JUNEAU - A former lawmaker resigned from a newly created military affairs adviser role Friday as Alaska's attorney general acknowledged shortcomings in the legal analysis and advice given to Gov. Sean Parnell in his hiring of Nancy Dahlstrom.
In May, Dahlstrom announced her resignation from the state House to become the governor's military adviser, effective June 1. But questions were raised about the timing of the job offer and whether it was in line with state law and the Alaska Constitution.
The state Supreme Court has found that the state constitution's "ineligibility clause" is meant to keep lawmakers from creating jobs in hopes of securing those jobs, Attorney General Dan Sullivan wrote in a legal memo Thursday.
Because of that ruling, a court might disagree with his state Department of Law's earlier analysis that Dahlstrom's hiring was legitimate, Sullivan wrote.
Dahlstrom, a Republican from Eagle River, voluntarily resigned from her new post after learning of Sullivan's legal memo, Parnell said. She didn't immediately return a message Friday.
"The governor's office and Ms. Dahlstrom have relied on the Department of Law's legal analysis," Sullivan wrote in the memo. "We are now changing our analysis. We apologize for this."
Sullivan said Friday that the department's earlier interpretation - that a legislator who resigns for a newly created post is eligible for that job - wasn't unreasonable. But he said there was "appreciable risk" a court might disagree with that view.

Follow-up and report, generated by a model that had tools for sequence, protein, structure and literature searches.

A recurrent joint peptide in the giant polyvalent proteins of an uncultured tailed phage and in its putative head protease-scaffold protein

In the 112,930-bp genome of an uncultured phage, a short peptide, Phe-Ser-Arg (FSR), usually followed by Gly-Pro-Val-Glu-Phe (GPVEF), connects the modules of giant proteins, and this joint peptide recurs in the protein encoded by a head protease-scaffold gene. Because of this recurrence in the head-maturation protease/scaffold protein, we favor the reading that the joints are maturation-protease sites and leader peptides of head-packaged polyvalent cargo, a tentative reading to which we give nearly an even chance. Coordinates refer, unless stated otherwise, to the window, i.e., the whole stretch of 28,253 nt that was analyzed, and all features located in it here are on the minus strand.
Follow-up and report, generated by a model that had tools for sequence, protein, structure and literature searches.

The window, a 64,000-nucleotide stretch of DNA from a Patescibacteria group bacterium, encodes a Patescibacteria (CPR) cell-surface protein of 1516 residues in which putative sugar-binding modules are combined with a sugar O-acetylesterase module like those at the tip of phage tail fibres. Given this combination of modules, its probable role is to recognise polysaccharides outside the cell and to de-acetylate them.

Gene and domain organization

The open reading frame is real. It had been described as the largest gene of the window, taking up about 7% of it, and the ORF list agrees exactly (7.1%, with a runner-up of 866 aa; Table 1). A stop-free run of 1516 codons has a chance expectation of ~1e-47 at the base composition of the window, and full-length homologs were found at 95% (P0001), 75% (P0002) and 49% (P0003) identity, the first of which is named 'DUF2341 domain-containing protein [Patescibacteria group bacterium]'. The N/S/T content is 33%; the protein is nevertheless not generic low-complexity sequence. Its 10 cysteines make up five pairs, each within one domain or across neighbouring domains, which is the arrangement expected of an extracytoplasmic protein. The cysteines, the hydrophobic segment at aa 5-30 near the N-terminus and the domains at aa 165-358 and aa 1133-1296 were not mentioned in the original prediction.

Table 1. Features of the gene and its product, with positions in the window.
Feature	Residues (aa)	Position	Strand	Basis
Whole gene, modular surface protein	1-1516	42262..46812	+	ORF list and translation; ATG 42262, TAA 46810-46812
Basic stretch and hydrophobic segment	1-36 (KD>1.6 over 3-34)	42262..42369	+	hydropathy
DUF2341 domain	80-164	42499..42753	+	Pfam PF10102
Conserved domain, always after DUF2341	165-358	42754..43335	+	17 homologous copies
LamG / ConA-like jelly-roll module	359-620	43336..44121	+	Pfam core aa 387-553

Speaking to reporters with Sullivan from Anchorage, Parnell said he didn't approach Dahlstrom about the job until around April 29, after the legislative session had ended and with an eye toward the June 1 filing deadline for legislative candidates.
The governor said he wasn't aware of any discussions between his staff and her staff during the legislative session, which he said would have been inappropriate.
Parnell said he wouldn't hire any legislators for newly created jobs until there was further clarification on the legal issue. He's asked the department to work on draft legislation that would provide that clarity.
The governor also said he wasn't sure if he'd hire someone else for the $96,000-a-year military adviser job.
He defended Dahlstrom as having been well suited to the position. Her district has a strong military presence and she was a familiar face at military events, he said.